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Travis Lecture Focuses on Restoring Giant in Galapagos

Dr. James Gibbs to discuss recovery of iconic species
9/22/2016

"Restoring the Giant Tortoise Dynasties of Galapagos" will be the topic of the Dale L. Travis Public Lecture Series 7:30 p.m., Tuesday, Oct. 18, at the Gateway Center on the SUNY College of Environmental Science and Forestry (ESF) campus.

ESF Professor James Gibbs will discuss his work on the tortoises of the Galapagos Islands. Gibbs, an internationally recognized scientist, has traveled to the Galapagos more than 45 times to collaborate with the Galapagos National Park to restore populations of giant tortoises and the important ecosystem services they provide.

Giant tortoises are among the most devastated of all Galapagos creatures but are now undergoing strong recovery thanks to concerted efforts by biologists and park managers. Gibbs will present a talk for the general public about the difficult but exciting work integrating science and management over two decades to restore these icons of a world famous biodiversity hotspot.

Gibbs, a professor of conservation biology and director of the Roosevelt Wild Life Station at the ESF, is an internationally recognized scholar, scientist, and author. Among his writings are The Amphibians and Reptiles of New York State, and The Fundamentals of Conservation Biology. Gibbs is also a member of the General Assembly of the Charles Darwin Foundation, recently served as "Wise Sage" for the Republic of Ecuador advising on conservation science in the Galapagos Islands and is vice chair of the Altai (Siberia) Assistance Project.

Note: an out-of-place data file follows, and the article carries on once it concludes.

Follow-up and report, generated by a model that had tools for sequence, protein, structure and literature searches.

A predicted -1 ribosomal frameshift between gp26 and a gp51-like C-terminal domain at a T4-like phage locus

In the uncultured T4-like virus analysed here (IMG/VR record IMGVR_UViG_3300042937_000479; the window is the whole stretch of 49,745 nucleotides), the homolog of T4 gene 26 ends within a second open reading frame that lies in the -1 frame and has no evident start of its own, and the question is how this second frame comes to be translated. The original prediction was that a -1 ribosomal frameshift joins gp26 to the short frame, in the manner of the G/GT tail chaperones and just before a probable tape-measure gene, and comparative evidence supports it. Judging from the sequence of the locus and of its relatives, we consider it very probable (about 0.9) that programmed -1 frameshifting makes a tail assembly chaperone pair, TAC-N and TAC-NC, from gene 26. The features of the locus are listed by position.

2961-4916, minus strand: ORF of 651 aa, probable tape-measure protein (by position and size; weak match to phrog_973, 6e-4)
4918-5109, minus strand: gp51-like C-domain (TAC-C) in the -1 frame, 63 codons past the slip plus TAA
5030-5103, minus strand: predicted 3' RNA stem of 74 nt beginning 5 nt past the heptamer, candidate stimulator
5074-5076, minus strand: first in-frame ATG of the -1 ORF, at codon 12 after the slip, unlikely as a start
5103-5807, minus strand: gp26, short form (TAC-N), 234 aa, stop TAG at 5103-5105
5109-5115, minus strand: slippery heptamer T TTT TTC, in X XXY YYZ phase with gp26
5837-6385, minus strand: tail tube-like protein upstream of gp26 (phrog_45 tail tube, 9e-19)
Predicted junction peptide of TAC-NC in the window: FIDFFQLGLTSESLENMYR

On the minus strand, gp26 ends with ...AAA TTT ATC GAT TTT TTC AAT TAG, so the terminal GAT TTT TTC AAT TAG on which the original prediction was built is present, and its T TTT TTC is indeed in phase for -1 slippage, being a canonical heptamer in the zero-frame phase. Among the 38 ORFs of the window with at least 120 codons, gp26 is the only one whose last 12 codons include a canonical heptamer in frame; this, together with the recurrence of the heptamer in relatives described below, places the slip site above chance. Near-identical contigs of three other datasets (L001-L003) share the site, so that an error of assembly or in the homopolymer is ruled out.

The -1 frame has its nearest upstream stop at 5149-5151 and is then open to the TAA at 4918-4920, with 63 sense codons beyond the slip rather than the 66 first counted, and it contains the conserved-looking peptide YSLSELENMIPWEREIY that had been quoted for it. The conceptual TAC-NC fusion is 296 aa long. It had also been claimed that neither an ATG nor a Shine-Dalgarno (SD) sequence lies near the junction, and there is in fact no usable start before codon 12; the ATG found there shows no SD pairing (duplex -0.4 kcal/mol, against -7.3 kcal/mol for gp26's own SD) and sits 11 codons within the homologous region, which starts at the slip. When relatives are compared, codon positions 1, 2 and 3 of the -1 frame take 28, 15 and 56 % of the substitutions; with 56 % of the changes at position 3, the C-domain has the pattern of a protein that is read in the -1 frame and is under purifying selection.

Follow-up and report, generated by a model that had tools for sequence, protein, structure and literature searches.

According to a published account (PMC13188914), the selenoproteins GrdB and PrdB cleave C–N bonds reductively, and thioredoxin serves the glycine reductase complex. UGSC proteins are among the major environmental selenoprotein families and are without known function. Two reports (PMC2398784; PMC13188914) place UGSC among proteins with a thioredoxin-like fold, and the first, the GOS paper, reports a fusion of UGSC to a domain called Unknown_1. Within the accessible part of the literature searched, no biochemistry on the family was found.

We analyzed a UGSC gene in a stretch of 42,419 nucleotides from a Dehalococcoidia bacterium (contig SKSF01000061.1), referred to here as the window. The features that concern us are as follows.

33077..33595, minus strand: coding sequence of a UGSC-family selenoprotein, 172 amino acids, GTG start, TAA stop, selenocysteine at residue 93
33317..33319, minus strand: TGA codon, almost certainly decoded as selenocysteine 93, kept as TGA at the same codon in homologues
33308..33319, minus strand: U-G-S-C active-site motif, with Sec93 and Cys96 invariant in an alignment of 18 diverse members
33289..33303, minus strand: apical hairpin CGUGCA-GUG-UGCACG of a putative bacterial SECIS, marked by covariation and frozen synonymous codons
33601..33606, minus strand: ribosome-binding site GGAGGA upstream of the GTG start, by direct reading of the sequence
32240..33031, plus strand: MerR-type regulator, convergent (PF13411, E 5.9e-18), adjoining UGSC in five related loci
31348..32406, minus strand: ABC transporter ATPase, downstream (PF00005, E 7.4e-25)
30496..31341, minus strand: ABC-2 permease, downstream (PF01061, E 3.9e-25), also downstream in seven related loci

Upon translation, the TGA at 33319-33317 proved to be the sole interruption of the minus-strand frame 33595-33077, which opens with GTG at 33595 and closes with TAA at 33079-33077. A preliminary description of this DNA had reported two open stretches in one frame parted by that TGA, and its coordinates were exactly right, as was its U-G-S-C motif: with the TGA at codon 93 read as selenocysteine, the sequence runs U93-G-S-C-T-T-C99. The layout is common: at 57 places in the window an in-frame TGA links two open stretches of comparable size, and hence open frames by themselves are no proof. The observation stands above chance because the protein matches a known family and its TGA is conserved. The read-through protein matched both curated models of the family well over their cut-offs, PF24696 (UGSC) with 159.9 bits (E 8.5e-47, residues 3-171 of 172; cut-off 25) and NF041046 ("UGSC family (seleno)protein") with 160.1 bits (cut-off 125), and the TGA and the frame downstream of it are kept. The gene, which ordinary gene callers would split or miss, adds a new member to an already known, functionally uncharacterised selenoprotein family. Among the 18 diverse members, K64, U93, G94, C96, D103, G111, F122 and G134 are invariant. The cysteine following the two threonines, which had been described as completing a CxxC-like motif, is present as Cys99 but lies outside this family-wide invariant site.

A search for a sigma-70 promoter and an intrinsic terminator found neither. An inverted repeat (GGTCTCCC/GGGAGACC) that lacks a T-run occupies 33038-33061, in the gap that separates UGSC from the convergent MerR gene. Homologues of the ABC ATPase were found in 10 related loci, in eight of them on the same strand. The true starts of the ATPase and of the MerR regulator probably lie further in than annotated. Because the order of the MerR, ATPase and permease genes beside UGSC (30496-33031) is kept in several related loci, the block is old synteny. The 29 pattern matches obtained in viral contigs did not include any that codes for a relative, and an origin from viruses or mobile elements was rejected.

Gibbs' research activities have most recently focused on use of wildlife by indigenous people in Guyana, conservation of Tanzania's endemic amphibians, evolution and conservation of Galapagos tortoises and development of anti-poaching technologies for deployment in remote areas. His anti-poaching work in the Russian Altai centers on snow leopards and their equally endangered prey, argali sheep. At ESF, Gibbs teaches conservation biology and herpetology.

A reception will follow the lecture. Admission to the lecture and reception is free. Parking will be available on the ESF campus. Parking permits can be downloaded at the lecture website.

The event is sponsored by the Dale L. Travis Public Lecture Series at ESF.